This article comes to us from the National Council of Nonprofits.
Board Development: How to Identify, Recruit, Orient and Assess Your Board
Entire books have been written about the art of cultivating, identifying, asking, and nurturing a strong nonprofit board. While we can’t get into all the details here, we have the following suggestions for the process of shaping your nonprofit’s board into an effective force for good governance:
1. Find the “right” board member.
The recruitment process is really better described as a process of “cultivating” the interest of a potential board member until he or she is ready to accept an invitation to become a board member. Some nonprofits “test drive” potential board members by asking them to serve on a task force first or to volunteer for one of the nonprofit’s programs. Others invite prospects to attend a board meeting as an invited guest. Need help finding the right board member? Contact your State Association of nonprofits, local United Ways, and community foundations, any of which may sponsor or know about board-match programs in your area.
- Bridgestar has written a downloadable guide to nonprofit board recruitment strategies, which provides helpful information to guide a nonprofit in the process of finding the right board members.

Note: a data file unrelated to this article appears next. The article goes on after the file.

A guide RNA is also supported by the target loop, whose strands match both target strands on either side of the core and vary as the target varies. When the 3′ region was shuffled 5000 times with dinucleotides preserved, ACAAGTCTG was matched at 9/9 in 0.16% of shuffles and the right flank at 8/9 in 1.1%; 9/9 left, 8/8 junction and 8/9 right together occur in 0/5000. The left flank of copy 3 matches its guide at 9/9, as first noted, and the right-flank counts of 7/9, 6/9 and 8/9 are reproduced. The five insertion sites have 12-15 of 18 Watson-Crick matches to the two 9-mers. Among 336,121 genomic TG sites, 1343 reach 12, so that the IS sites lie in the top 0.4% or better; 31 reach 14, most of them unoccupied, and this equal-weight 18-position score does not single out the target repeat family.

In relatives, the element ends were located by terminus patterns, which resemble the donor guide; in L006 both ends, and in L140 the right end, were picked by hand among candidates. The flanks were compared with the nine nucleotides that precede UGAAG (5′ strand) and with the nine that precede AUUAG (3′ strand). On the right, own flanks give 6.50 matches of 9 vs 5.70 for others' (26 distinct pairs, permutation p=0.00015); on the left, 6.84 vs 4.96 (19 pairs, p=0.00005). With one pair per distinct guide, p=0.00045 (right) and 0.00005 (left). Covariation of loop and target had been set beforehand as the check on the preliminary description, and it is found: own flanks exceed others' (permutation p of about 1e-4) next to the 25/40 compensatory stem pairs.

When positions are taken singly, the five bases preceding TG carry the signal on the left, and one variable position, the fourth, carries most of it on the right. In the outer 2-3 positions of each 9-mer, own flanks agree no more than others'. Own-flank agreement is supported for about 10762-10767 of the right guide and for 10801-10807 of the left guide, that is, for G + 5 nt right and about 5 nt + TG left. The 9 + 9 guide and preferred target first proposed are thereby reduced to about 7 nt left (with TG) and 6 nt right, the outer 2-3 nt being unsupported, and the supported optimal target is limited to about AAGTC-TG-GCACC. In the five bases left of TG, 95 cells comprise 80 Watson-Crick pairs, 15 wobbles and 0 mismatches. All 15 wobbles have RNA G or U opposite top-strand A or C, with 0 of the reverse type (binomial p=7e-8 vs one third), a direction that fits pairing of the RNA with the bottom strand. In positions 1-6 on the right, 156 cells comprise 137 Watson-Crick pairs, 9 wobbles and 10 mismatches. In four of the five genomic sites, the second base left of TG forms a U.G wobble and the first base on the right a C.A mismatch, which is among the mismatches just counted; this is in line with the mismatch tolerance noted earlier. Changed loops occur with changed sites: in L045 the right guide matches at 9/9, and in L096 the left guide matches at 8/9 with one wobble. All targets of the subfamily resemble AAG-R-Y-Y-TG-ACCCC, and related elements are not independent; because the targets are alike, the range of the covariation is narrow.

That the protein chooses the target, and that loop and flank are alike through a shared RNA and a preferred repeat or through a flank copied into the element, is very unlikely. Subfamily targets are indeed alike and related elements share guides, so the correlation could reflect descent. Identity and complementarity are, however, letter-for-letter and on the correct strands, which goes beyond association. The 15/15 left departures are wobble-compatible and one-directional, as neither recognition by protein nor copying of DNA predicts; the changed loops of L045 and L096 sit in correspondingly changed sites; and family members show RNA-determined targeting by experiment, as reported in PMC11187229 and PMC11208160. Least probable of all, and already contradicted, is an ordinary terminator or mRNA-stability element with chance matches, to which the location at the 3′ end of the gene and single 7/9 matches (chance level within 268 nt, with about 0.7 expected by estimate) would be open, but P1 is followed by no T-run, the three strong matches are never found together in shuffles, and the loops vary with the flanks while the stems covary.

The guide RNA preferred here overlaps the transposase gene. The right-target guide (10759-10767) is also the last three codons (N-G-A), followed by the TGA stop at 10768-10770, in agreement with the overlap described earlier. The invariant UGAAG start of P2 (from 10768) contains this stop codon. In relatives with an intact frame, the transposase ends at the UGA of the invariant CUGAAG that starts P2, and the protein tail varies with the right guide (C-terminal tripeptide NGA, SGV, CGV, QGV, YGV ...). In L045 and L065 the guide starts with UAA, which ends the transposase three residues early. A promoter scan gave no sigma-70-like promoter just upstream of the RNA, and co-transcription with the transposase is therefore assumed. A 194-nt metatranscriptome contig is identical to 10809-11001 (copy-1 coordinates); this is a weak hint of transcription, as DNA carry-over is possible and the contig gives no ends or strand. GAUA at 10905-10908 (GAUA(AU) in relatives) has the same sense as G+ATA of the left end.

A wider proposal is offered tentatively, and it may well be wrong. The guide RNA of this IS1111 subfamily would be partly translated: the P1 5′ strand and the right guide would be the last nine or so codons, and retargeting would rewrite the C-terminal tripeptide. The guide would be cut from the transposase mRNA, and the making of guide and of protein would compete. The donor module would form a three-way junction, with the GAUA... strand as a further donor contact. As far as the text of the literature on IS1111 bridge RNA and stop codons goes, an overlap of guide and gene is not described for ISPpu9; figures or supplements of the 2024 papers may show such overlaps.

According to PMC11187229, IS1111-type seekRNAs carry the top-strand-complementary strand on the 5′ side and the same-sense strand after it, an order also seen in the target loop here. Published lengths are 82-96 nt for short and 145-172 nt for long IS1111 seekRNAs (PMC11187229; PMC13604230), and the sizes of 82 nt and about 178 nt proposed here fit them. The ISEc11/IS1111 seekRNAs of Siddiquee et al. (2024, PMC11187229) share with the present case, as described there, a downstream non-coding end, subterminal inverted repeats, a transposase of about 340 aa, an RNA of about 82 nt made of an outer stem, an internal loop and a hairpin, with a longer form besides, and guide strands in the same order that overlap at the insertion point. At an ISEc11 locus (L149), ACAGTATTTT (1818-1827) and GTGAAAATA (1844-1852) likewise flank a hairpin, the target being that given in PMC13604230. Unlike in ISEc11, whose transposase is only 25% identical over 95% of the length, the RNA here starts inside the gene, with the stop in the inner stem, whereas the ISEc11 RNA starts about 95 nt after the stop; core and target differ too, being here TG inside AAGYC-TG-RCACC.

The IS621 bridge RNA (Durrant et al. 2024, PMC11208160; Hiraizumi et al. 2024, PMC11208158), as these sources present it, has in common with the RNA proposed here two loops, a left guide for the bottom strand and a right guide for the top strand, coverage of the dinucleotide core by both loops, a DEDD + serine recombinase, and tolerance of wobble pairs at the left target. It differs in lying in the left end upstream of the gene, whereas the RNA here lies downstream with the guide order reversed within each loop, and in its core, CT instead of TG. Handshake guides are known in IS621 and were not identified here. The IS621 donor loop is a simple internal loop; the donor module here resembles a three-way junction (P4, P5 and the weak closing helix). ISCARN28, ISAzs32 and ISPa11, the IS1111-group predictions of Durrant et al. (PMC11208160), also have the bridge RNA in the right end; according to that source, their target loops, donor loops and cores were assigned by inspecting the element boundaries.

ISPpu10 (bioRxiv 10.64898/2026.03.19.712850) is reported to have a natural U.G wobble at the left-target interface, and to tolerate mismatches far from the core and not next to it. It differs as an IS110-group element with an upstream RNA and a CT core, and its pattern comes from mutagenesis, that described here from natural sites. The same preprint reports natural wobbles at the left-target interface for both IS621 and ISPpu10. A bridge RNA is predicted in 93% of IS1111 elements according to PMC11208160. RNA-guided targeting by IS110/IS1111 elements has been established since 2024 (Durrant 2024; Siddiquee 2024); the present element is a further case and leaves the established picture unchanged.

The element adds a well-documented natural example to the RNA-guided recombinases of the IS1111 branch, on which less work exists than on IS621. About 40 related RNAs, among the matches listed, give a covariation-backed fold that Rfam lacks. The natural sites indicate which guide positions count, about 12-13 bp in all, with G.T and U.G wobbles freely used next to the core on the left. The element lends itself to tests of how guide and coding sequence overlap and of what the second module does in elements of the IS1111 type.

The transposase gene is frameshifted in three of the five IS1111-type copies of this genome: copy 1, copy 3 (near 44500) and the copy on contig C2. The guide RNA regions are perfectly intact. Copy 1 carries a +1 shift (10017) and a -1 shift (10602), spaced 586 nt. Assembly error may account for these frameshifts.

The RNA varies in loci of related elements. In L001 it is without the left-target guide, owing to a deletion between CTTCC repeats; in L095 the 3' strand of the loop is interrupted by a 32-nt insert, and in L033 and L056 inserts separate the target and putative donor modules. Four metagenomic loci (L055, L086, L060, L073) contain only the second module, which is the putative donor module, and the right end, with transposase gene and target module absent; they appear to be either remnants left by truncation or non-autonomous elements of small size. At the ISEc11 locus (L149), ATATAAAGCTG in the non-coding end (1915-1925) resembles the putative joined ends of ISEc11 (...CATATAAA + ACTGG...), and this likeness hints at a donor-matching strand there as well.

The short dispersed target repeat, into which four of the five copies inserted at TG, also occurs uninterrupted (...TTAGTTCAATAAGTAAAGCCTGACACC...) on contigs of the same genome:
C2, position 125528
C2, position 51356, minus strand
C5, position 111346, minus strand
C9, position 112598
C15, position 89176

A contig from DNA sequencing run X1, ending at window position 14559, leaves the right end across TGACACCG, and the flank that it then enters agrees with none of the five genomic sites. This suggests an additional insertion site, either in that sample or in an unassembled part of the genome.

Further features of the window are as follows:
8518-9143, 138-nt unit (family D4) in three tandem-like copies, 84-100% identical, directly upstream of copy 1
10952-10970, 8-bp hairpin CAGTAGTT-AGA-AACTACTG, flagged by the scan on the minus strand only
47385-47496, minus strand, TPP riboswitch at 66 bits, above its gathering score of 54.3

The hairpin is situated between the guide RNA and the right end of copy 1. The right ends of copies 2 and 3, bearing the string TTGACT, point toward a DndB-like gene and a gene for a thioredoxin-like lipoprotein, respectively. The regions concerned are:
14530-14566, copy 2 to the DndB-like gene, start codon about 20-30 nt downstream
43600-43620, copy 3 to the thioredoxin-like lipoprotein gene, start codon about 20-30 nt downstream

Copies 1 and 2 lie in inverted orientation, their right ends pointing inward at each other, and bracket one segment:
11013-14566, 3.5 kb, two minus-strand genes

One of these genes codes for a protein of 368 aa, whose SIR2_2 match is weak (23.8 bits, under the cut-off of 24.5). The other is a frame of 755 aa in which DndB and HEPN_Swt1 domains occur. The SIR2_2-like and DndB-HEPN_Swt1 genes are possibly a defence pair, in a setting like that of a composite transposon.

- Some advocate for using a board application form that individuals can fill out to indicate their interest in serving. More tips and discussion about recruiting board members are available from Carter McNamara’s Guidelines for Recruiting New Board Members.
- BoardSource resources: The Board Building Cycle: Nine Steps to Finding, Recruiting and Engaging Nonprofit Board Members by Berit Lakey (2007) and an e-toolkit, Recruiting a Stronger Board.
2. Identify the person responsible for inviting propects to the board.
It should be everyone’s job to help identify potential new board members, but it is best if the actual invitation to join a board is extended only by those current board members who have been specifically authorized to extend an invitation. This usually happens after the “Board Governance Committee” (sometimes called the “Board Development Committee”) has vetted a list of potential prospects and decided not only who should be asked but also who is the best person to make the ask.
- Thoughtful comments on the process of recruiting new board members, and the downsides of making an “ask” prematurely, are shared in this article from Blue Avocado.
3. It’s more than just a nominating committee.
Calling the committee that identifies new board members the “Nominating Committee” implies that its only function is to nominate board members for election to the board. Today, people recognize that nonprofit board service is about more than just being elected – it’s about constantly learning about the organization, providing stewardship, and becoming the most effective problem solvers and policy-makers possible for the nonprofit. We suggest naming this committee the “Board Development Committee” or the “Board Governance Committee” because its focus should go well beyond nominating to encompass everything from evaluating the work of the board, to oversight for policies that the board uses to fulfill its fiduciary and legal obligations.